- The name of the final function called to compute the aggregate result after all input rows have been traversed. The function must take a single argument of type state_data_type. The return data type of the aggregate is defined as the return type of this function. If ffunc is not specified, then the ending state value is used as the aggregate result, and the return type is state_data_type.
- The initial setting for the state value. This must be a string constant in the form accepted for the data type state_data_type. If not specified, the state value starts out NULL.
- The associated sort operator for a MIN- or MAX-like aggregate function. This is just an operator name (possibly schema-qualified). The operator is assumed to have the same input data types as the aggregate function (which must be a single-argument aggregate function).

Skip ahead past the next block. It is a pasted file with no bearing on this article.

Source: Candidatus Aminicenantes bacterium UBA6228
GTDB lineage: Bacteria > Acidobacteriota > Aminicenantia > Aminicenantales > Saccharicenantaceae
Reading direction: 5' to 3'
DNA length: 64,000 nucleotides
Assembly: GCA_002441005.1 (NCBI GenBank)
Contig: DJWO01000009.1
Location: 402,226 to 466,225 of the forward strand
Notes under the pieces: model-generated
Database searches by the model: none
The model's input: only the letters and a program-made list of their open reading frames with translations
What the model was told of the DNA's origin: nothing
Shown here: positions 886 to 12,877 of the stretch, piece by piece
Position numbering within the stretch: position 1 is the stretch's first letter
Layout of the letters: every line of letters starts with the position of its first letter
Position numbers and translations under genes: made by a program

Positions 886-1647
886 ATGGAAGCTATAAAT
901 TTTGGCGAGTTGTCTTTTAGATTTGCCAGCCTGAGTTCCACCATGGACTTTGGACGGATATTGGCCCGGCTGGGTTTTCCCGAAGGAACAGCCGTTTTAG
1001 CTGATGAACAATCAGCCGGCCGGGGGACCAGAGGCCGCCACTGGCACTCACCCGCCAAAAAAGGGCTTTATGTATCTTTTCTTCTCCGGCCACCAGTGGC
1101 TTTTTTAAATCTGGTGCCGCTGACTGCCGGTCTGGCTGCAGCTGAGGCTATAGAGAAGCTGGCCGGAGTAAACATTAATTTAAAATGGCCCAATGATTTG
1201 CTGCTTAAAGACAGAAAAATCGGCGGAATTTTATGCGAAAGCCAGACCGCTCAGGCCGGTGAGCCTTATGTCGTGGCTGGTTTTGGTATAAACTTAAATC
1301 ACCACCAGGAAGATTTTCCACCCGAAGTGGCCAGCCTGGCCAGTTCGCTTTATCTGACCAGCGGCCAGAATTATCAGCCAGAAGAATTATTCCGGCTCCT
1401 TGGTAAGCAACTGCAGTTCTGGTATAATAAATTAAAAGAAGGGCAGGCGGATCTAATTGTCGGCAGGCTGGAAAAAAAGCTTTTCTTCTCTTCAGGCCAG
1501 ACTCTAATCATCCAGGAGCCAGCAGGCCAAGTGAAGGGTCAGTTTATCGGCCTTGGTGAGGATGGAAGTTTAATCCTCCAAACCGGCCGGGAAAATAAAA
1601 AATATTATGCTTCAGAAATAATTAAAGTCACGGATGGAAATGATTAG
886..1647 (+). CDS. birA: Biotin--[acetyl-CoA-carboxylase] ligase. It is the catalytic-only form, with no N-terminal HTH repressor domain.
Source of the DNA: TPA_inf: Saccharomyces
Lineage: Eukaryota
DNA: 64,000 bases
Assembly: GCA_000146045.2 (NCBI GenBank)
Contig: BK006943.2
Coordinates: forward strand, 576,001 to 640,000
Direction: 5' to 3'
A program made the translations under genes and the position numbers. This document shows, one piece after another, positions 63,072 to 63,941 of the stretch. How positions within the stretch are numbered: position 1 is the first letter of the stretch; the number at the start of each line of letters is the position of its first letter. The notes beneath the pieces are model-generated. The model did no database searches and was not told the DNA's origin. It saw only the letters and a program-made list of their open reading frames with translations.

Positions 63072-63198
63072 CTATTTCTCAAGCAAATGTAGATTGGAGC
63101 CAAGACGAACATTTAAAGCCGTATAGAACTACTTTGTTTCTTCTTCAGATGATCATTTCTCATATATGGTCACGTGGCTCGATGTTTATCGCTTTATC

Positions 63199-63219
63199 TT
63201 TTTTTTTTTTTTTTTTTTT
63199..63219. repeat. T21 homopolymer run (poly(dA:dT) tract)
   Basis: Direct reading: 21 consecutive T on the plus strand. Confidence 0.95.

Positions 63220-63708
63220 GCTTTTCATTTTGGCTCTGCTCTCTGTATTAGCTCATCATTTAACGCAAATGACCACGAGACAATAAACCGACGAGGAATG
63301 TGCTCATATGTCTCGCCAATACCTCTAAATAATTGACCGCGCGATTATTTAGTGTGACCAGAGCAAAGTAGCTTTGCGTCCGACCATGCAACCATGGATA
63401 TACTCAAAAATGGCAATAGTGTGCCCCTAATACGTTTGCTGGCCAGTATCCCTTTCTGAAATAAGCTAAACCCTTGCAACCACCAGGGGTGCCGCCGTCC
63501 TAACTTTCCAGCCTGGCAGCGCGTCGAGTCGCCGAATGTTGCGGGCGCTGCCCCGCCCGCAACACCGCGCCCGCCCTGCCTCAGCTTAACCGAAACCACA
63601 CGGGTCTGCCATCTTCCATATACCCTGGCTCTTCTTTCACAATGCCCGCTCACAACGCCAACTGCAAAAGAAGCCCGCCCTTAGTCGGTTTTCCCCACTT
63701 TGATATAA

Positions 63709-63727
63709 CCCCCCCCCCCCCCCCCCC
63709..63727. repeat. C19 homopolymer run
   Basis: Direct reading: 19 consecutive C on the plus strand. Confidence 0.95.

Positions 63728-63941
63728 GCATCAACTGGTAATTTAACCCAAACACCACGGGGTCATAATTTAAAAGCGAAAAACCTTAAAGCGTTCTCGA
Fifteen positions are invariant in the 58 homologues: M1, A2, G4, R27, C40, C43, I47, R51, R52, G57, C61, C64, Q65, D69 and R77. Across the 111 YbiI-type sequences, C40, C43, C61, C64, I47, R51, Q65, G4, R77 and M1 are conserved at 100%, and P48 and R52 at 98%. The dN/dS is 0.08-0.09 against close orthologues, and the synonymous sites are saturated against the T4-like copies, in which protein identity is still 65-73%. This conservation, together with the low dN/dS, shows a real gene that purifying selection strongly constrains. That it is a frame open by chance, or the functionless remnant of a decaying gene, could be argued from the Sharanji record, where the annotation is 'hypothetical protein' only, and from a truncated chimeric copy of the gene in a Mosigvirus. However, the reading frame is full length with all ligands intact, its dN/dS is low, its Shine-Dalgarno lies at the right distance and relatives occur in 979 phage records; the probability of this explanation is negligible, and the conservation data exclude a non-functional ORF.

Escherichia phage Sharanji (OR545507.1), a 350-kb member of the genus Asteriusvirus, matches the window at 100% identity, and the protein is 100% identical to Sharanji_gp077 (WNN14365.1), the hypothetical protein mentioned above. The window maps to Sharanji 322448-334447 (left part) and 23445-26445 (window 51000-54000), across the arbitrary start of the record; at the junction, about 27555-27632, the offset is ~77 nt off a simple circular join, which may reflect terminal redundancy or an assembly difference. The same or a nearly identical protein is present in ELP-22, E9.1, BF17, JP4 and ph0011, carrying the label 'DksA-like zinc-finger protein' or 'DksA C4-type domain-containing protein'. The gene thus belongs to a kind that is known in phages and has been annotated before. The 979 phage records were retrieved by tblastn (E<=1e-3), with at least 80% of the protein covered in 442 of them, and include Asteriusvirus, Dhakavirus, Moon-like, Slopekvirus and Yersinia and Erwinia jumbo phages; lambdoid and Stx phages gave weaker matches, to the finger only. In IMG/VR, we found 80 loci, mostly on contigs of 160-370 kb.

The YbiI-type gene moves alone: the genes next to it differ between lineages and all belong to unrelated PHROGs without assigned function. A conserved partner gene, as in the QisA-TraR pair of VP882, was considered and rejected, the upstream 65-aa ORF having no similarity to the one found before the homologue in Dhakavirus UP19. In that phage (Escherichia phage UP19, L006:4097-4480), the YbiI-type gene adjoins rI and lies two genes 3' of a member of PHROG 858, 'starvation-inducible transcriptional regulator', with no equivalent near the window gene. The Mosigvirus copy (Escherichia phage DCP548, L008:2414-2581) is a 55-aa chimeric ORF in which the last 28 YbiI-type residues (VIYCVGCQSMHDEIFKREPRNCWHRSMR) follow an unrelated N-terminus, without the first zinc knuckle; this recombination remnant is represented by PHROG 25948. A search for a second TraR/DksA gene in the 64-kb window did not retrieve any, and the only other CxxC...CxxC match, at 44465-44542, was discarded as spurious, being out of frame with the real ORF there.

The ordinary functions used to define a new aggregate function must be defined first. Note that in this release of Greenplum Database, it is required that the sfunc, ffunc, and prefunc functions used to create the aggregate are defined as IMMUTABLE.
If a user-defined aggregate is used in a window expression, a prefunc function must be defined for the aggregate.
If the value of the Greenplum Database server configuration parameter gp_enable_multiphase_agg is off, only single-level aggregation is performed.
Any compiled code (shared library files) for custom functions must be placed in the same location on every host in your Greenplum Database array (master and all segments). This location must also be in the LD_LIBRARY_PATH so that the server can locate the files.
The following simple example creates an aggregate function that computes the sum of two columns.
Before creating the aggregate function, create two functions that are used as the SFUNC and PREFUNC functions of the aggregate function.